For $150, get an Ultra Pass, which allows you to see as many shows as you want for one low price.
(Blogger’s note – even at the senior rate of $10 a ticket, Mom always sees enough shows to more than pay for that. 15 shows? Pah! Mom clears that easily. And this year, due to a scheduling challenge, she’ll be arriving just the day before the fest and staying through the seventh day of the run. Unheard of. She’ll get her money’s worth twice over. I just ordered it for her.)
$90 gets you a brand-new Ten-Show Punch Card, or
$50 gets you a Five-Show Punch Card.
Ultra Passes are not transferrable;
punch cards are, so you can use them for yourself or with a group.
(Blogger’s note – That’s a handy tip. If you and some friends aren’t planning to do a lot of shows individually, but collectively you’re going to hit a bunch, or just want to attend in a bunch, having a five or ten show punch card to pass around can save you all some dough. Once you all have your own button (that, you can’t pass off, you each need one), you could conceivably all line up for the same performance of a show and pass the punch card down the line. I’m not kidding – the Fringe uses the same example. It’s the Fringey version of a group discount.)
Buy tickets online by following the ticket link from any show page.
Or you can buy tickets in person at the ticket kiosk located at Fringe Central – Bedlam Theatre.
Each advance sale and reservation is charged a $2.50 handling fee.
(Blogger’s note – I know some people say reservations are for pussies, but with the dashing about that Mom and I do, there’s little margin for error. It’s nice to know there’s a seat waiting for us when we get there (particularly for the really popular shows). The peace of mind is worth the $2.50. Plus, I look at it as supporting Uptown Tix, which is a really helpful organization during my Fringe fugue state every year.)
At the door:
Box office opens 30 minutes before show time and seating starts 10 minutes before show time.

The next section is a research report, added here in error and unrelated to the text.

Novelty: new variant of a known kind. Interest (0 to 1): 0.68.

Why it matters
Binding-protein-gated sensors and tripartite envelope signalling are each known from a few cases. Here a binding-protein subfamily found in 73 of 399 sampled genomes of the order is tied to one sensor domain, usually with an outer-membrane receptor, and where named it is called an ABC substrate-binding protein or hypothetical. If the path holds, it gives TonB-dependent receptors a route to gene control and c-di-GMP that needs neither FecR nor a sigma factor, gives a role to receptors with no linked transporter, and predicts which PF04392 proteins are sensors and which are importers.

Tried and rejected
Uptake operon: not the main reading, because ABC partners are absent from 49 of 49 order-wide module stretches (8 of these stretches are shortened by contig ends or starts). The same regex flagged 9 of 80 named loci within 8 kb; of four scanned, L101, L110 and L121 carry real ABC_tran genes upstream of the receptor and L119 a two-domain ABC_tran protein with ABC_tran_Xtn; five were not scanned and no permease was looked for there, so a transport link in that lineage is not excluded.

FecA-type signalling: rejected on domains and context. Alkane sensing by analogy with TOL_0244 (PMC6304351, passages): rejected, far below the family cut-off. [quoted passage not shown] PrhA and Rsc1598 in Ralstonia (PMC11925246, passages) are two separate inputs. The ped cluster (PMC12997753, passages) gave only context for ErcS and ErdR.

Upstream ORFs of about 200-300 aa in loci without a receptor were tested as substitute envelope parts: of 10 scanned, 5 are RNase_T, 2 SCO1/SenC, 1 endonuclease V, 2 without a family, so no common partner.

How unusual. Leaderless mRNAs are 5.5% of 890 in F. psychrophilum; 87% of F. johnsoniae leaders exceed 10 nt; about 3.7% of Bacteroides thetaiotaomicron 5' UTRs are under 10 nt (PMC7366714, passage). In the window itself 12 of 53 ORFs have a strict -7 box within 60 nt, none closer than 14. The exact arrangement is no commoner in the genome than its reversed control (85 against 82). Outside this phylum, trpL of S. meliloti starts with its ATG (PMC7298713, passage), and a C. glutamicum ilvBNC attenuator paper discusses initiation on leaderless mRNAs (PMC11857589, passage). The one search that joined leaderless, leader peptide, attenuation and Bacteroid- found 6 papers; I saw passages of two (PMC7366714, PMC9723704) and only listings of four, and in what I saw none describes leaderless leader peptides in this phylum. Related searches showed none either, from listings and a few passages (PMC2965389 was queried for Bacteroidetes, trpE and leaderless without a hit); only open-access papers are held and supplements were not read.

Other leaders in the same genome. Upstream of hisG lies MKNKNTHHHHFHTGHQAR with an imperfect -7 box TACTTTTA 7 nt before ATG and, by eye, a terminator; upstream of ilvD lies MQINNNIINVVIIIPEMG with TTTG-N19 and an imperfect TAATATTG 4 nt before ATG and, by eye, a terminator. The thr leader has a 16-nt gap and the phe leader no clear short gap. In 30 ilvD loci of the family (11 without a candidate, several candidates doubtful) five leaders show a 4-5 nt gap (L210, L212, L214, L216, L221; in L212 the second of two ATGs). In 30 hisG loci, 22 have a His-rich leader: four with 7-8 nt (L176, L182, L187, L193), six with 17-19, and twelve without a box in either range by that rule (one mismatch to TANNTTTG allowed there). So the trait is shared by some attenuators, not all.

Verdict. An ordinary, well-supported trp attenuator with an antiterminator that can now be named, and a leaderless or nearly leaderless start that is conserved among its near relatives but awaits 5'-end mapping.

All seating is general admission.
(less formal than that Robert guy, but equally important!)
Shows start on time.
Because this is such a huge festival, if one thing starts late, everything starts late – so we can’t dawdle.
Don’t be late!
No photography during performances.
Instead, check out our daily slide shows
(which they have space waiting right on the front page).
Turn off cell phones and pagers,
(Blogger’s note – now that my family gave me one of those things, I live in fear of it going off at inopportune moments. I may just leave it at home. After all, Mom’s already going to be with me. If she needs to reach me, she can poke me in the shoulder.)
and don’t talk during performances unless the artists talk to you first.
(Blogger’s note – Don’t worry, they normally warn you about audience participation. It’ll be really clear.)
Keep the scent to a minimum.
We ask all patrons to curb their use of perfume, cologne and other scented products for everyone’s comfort, especially folks with chemical sensitivities.
(Blogger’s note – I know someone who suffers from this malady. It’s making her life very challenging right now.
Plus, it’s August in Minnesota. We expect to be able to smell you coming anyway – naturally. No need to try covering it up. We’re all friends here after all.)”
Entering his sixth year of blogging about the Minnesota Fringe Festival (and bringing Mom along for the ride as a guest reviewer), Matthew A. Everett is also a local playwright and three-time recipient of grant support from the Minnesota State Arts Board. Information on Matthew and his plays can be found at matthewaeverett.com.